Lost Pets from Lilac Fire Still Unclaimed

Editor’s note: As of Dec. 20, Violet, the turkey, has been reclaimed by its owner.

During the chaos of the Lilac Fire, amidst evacuations and unpredictable winds, families got separated from their pets. The San Diego County Department of Animal Services rescued a total of 33 animals and all but four have been reunited with their owners.

Do you see a pet you recognize? Share these photos around so we can reunite them with their humans.

All of these missing critters are currently at the Animal Services shelter in Carlsbad. It’s located at 2481 Palomar Airport Road, Carlsbad, CA 92011. You can call them up at 619-767-2675.


This three-year-old male Chihuahua/Terrier was rescued on Dec. 8 and was found on Valle Del Sol in Bonsall.  He is not leash-trained but does love attention. Except for being exposed to the smoke, he was not hurt and the veterinary staff have continued to monitor his condition. The owner has until Dec. 22 to claim the dog, and there are already two adoption holds on this dog.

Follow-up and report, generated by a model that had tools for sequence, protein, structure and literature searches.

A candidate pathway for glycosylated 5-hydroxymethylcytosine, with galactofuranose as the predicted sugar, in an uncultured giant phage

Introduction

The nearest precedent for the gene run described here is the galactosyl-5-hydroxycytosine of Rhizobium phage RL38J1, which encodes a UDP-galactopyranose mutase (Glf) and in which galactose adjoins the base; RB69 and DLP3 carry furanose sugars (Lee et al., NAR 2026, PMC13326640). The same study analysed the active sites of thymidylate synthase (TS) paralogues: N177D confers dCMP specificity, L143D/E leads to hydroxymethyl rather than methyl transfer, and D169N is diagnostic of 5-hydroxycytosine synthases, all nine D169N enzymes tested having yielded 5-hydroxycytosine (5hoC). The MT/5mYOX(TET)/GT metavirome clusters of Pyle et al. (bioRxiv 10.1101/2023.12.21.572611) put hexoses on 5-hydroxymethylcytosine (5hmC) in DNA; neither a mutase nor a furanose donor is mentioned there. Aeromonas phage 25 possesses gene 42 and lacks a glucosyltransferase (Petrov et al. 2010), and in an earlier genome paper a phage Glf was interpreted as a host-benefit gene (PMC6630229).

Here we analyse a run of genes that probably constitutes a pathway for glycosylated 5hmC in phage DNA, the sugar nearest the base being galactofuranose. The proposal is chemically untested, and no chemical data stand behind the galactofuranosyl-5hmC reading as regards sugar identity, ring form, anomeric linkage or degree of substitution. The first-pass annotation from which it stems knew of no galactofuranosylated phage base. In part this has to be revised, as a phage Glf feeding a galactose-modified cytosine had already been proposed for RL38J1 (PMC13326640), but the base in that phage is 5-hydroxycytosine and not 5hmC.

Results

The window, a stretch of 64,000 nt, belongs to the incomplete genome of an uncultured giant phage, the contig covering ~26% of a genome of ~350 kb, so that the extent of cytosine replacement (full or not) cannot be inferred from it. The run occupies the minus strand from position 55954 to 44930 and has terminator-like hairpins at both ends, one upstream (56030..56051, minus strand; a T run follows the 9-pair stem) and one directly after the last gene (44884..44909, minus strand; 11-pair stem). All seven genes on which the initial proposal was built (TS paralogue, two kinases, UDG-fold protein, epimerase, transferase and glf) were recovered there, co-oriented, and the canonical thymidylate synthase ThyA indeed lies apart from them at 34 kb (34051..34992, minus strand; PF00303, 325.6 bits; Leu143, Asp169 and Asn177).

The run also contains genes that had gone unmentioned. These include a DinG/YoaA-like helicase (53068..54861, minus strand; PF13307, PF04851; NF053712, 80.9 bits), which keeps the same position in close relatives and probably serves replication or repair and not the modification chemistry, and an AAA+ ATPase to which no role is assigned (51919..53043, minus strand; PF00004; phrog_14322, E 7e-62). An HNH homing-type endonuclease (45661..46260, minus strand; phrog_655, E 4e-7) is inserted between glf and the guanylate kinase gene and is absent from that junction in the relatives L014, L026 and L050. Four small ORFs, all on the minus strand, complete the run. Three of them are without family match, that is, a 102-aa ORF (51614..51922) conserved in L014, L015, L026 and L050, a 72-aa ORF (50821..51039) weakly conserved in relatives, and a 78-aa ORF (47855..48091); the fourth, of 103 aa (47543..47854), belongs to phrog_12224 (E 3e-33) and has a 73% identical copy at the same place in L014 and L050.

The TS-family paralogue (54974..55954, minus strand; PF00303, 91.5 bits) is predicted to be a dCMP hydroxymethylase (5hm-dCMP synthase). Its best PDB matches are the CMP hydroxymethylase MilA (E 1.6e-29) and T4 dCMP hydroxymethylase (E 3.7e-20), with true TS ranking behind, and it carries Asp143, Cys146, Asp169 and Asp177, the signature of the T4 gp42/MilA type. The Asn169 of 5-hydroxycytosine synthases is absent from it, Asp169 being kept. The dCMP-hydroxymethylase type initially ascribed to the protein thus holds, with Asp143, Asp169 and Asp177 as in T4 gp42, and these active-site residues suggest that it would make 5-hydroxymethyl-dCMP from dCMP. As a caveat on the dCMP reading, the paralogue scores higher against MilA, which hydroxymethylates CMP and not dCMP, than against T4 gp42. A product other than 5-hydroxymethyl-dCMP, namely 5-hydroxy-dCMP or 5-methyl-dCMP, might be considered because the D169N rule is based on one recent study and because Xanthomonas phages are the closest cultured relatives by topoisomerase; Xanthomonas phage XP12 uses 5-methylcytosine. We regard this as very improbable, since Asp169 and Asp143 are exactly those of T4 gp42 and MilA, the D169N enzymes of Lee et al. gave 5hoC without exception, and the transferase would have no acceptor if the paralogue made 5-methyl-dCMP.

This 10-year-old turkey is named Violet. Some of her feathers were singed in the fire. We know she has an owner, we just need help getting in contact with them. The owner has until Dec. 24 to claim Violet.



This three-year-old male Spaniel was found on Via Montellano in Bonsall. He suffered severe but superficial burns on all of his pads and between the pads as well. It could take weeks or possibly months for his paws to completely heal. His owner has until Dec. 24 to claim him.



This one-year-old female cat was found in the Rancho Monserate manufactured home community in Fallbrook. She also suffered burnt paws and had her whiskers singed off. Her burn wounds are healing well and she is friendly and soliciting attention. The owner has until Dec. 24 to claim the cat.

Being prepared is crucial for any type of emergencies. Could you evacuate in 15 minutes or less? Even with your pets? Watch Surf Dog Teddy show us how to be perfectly planned with pet emergency kits.

In addition, Animal Services has emergency preparedness recommendations for livestock owners. Moving horses and other large animals takes time and practice. Being prepared is the best plan.